Trajectory Groups of 24-Hour Systolic Blood Pressure After Acute Ischemic Stroke and Recurrent Vascular Events.
Stroke. 2018 Jul 16;:
Authors: Kim BJ, Cho YJ, Hong KS, Lee J, Kim JT, Choi KH, Park TH, Park SS, Park JM, Kang K, Lee SJ, Kim JG, Cha JK, Kim DH, Nah HW, Lee BC, Yu KH, Oh MS, Kim DE, Ryu WS, Choi JC, Kim WJ, Shin DI, Yeo MJ, Sohn SI, Hong JH, Lee JS, Lee J, Han MK, Gorelick PB, Bae HJ
BACKGROUND AND PURPOSE: Blood pressure dynamics in patients with acute ischemic stroke may serve as an important modifiable and prognostic factor.
METHODS: A total of 8376 patients with acute ischemic stroke were studied from a prospective multicenter registry. Patients were eligible if they had been admitted within 24 hours of symptom onset and had ≥5 systolic blood pressure (SBP) measurements during the first 24 hours of hospitalization. SBP trajectory groups in the first 24 hours were identified using the TRAJ procedure in SAS software with delta-Bayesian Information Criterion and prespecified modeling parameters. Vascular events, including recurrent stroke, myocardial infarction, and death, were prospectively collected. The risk of having vascular events was calculated using the frailty model to adjust for clustering by hospital.
RESULTS: The group-based trajectory model classified patients with acute ischemic stroke into 5 SBP trajectory groups: low (22.3%), moderate (40.8%), rapidly stabilized (11.9%), acutely elevated (18.5%), and persistently high (6.4%) SBP. The risk of having vascular events was increased in the acutely elevated (hazard ratio, 1.28 [95% confidence interval, 1.12-1.47]) and the persistently high SBP groups (hazard ratio, 1.67 [95% confidence interval, 1.37-2.04]) but not in the rapidly stabilized group (hazard ratio, 1.13 [95% confidence interval, 0.95-1.34]), when compared with the moderate SBP group.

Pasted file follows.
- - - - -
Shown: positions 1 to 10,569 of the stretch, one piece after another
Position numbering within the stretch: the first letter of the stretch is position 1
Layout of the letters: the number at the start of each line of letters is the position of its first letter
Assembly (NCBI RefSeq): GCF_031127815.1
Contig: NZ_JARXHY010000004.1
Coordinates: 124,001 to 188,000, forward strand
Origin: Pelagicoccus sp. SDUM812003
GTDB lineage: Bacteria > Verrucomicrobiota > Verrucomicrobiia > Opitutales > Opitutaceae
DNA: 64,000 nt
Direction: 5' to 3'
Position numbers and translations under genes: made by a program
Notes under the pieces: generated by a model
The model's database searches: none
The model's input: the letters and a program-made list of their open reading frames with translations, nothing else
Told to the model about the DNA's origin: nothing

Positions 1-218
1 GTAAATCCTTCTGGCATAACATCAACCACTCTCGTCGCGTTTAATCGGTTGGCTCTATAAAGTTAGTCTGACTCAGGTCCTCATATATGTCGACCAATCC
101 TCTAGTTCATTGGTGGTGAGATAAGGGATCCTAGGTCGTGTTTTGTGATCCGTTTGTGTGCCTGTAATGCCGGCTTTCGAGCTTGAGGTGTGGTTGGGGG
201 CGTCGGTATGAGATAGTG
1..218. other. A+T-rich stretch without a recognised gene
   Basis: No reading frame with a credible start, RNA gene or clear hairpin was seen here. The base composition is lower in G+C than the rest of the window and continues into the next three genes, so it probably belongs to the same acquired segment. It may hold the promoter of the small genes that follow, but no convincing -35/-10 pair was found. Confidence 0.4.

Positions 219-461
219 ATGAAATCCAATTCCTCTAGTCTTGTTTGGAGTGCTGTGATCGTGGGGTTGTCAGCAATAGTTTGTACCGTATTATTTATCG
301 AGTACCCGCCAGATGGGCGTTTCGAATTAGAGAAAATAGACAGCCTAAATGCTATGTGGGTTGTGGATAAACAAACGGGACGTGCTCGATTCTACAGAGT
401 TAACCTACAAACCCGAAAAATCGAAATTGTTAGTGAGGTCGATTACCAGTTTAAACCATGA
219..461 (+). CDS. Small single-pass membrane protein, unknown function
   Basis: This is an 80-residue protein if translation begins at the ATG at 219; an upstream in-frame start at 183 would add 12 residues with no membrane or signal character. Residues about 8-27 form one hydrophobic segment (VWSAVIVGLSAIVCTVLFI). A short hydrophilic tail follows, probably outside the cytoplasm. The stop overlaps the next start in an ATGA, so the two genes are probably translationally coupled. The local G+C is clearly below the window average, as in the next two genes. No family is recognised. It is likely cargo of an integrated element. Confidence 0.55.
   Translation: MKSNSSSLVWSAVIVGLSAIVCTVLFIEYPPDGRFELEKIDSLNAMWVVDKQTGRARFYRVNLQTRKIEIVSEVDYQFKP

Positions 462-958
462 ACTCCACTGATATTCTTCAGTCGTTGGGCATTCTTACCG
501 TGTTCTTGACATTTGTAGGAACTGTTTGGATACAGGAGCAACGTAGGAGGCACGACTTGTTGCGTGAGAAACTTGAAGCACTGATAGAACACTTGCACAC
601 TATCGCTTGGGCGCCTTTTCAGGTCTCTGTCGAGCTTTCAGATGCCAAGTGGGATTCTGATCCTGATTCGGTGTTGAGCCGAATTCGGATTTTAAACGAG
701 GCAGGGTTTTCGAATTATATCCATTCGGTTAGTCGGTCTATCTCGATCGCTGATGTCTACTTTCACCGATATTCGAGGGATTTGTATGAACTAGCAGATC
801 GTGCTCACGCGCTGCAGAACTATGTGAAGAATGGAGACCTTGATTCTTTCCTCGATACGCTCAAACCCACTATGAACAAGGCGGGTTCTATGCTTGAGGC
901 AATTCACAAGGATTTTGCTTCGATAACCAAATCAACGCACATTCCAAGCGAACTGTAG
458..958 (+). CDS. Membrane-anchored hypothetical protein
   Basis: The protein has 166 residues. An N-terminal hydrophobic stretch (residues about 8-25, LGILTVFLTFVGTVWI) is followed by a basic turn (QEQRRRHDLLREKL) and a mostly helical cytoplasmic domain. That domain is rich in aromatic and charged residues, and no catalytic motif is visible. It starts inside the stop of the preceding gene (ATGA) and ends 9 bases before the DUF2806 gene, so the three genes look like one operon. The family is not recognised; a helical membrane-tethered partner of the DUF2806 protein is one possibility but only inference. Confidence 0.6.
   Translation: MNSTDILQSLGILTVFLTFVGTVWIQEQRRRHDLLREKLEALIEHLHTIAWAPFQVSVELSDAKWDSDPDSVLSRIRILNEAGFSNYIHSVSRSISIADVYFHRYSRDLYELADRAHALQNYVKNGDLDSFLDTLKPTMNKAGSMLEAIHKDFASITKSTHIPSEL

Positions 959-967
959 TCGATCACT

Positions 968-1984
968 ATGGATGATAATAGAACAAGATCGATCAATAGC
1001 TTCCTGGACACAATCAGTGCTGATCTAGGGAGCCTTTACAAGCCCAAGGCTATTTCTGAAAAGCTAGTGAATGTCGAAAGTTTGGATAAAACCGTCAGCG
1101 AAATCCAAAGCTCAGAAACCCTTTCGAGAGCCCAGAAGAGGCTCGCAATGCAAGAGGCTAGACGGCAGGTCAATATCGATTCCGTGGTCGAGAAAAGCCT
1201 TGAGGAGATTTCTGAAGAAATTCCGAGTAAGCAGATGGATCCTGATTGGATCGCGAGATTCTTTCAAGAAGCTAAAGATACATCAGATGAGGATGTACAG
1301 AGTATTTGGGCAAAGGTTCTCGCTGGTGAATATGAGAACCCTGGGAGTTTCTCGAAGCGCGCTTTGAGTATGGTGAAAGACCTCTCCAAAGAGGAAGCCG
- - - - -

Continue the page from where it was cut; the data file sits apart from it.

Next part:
CONCLUSIONS: SBP during the first 24 hours after acute ischemic stroke may be categorized into distinct trajectory groups, which differ in relation to stroke characteristics and frequency of subsequent recurrent vascular event risks. The findings may help to recognize potential candidates for future blood pressure control trials.
PMID: 30012819 [PubMed – as supplied by publisher]